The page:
Why Amazon.com and Starbucks Gained on Earnings

As earnings season reached a fever pitch today, stocks finished with modest gains, led by an 8% jump by Apple after its blowout earnings report last night. Tensions in Ukraine, meanwhile, seemed to keep investors in check as Russia announced military exercises on the border. For the day, the Dow Jones Industrial Average  was unchanged at 16,502, while the S&P 500 added 0.2%, and the Nasdaq finished 0.5% higher, aided by the iPhone-maker's big jump.

Economic reports were mixed today as initial unemployment claims from last week edged up to 329,000 from 304,000, above estimates at 312,000. New jobless claims for the previous two weeks had fallen to post-recession lows, and the number still remains reasonably low, indicating strong growth in April. Continuing unemployment claims for the week ending April 12 fell to 2.68 million, its lowest mark since December 2007, another encouraging sign for the recovering job market. Elsewhere, durable goods orders for March grew faster than expected, up 2.6% against expectations of a 2% increase. That increase reinforced the notion that poor weather hampered the economy in the first quarter, and economists are optimistic that growth will pick up in the current quarter and through the remainder of the year.

After a 4% gain in regular trading today, Amazon.com  was essentially unchanged in after-hours activity, finishing up 0.3%, despite a 23% increase in revenue. The retail giant posted sales of $19.74 billion, ahead of estimates at $19.43 billion, but profits were still slim, coming in at $0.23 per share, matching estimates. Operating income fell 19%, to $146 million, as spending on new warehouses, technology, and media content jumped.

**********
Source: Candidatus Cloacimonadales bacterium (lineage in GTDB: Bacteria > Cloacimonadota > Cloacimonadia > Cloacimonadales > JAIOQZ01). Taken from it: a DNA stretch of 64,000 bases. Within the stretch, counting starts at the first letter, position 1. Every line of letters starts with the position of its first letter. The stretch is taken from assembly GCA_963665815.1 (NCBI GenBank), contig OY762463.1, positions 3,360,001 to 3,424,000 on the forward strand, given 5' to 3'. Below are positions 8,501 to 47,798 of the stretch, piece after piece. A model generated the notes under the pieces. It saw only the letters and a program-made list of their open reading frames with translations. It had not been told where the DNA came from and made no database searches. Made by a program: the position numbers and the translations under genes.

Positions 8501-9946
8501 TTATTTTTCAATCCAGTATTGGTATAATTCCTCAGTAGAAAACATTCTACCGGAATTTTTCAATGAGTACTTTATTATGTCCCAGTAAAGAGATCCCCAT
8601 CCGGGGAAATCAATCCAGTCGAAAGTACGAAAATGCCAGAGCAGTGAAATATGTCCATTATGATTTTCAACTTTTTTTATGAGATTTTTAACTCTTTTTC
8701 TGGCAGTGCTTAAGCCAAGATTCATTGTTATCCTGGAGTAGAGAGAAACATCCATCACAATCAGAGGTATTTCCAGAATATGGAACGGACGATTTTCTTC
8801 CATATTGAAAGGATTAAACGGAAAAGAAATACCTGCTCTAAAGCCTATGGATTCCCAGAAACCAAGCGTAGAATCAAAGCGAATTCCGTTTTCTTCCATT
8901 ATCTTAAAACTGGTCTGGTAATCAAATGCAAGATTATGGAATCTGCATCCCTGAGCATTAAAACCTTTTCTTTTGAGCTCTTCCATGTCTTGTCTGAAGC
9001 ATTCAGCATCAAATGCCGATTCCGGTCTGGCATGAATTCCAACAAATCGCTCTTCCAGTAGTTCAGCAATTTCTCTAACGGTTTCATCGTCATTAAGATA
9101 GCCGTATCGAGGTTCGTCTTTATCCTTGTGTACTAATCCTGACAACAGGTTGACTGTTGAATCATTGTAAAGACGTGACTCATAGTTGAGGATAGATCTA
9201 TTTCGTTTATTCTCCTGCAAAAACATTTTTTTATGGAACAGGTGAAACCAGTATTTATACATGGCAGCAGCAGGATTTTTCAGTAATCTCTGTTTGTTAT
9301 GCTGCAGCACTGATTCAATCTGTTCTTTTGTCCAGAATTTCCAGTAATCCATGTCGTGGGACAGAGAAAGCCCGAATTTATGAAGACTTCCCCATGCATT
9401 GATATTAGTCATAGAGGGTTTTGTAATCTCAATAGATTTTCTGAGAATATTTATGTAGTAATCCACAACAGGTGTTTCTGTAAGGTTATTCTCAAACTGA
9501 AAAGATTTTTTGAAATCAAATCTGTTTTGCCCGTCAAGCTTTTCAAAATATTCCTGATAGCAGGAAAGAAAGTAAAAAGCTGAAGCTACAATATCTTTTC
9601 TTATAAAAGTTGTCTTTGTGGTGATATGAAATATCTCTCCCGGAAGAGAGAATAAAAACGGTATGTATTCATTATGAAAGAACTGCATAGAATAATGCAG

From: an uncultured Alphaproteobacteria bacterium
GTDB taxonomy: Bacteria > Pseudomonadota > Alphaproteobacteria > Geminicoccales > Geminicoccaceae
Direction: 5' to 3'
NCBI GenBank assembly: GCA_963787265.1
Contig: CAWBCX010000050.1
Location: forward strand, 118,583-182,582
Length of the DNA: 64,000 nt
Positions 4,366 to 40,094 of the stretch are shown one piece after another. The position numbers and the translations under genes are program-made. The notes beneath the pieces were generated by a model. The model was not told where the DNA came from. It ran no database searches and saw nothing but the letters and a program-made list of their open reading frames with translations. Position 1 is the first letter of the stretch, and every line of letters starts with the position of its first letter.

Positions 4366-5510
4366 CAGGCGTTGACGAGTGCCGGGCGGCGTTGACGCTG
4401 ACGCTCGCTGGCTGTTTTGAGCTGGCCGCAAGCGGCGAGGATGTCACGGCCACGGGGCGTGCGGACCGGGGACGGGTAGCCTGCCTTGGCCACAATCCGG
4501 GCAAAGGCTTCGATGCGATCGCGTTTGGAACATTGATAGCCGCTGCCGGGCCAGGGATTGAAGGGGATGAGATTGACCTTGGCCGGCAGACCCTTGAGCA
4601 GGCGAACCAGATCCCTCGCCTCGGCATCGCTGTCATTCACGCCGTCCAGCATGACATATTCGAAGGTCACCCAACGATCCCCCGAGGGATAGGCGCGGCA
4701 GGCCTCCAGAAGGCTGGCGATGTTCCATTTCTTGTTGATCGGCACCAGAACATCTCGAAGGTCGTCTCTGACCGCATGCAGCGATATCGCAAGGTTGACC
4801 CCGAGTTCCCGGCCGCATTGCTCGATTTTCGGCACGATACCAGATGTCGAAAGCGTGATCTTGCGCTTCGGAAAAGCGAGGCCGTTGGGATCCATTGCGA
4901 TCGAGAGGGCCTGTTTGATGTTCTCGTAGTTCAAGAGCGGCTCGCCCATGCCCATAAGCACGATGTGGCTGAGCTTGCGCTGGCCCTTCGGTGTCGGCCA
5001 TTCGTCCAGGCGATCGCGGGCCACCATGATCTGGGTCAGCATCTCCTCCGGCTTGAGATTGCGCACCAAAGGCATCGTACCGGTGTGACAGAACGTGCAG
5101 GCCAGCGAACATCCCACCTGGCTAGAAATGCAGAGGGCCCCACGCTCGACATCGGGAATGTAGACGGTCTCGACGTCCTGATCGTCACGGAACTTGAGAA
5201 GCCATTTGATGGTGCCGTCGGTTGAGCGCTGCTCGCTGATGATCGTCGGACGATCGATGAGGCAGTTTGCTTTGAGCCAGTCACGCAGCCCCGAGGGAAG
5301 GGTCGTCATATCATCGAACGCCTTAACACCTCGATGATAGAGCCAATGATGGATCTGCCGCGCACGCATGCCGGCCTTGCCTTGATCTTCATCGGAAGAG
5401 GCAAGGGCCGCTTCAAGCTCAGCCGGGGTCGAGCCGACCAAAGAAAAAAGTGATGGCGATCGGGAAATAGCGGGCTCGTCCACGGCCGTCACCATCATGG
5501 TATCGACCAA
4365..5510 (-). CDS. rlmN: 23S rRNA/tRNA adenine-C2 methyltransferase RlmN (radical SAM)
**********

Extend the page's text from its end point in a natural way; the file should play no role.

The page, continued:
While the company continues to make strides in expanding its offerings for customers, including its recent deal with HBO to provide an exclusive to some of its older shows, and an expansion into groceries with its new Prime Pantry program, it faces problems with new sales taxes at home and slower growth internationally, where it posted an operating loss last quarter. Its forward guidance was also short on the bottom line as it sees revenue growth of 15%-26% and an operating loss of $55 million to $455 million, though the company is known for its conservative forecasts. Analysts had projected a per-share profit of $0.24.

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Elsewhere, Starbucks  reported another strong quarter after hours as comparable sales improved 6%, and shares gained 1.4% in the extended session. Sales increased 9%, to $3.87 billion, shy of estimates at $3.95 million, while earnings of $0.56 per share were in line with expectations. Lower ingredient costs drove an improvement of 130 basis points in operating margin, to 16.6%, as operating income increased 18%. CEO Howard Schultz touted the company's payment and loyalty programs among other innovations, including the reinvention of its recently acquired Teavana business. Forward guidance was in line with estimates as the company lifted its full-year EPS projection to $2.62-$2.68, and said it expects sales growth of 10% or more.   

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The article Why Amazon.com and Starbucks Gained on Earnings originally appeared on Fool.com.

Jeremy Bowman owns shares of Apple. The Motley Fool recommends Amazon.com, Apple, and Starbucks. The Motley Fool owns shares of Amazon.com, Apple, and Starbucks. Try any of our Foolish newsletter services free for 30 days. We Fools may not all hold the same opinions, but we all believe that considering a diverse range of insights makes us better investors. The Motley Fool has a disclosure policy.

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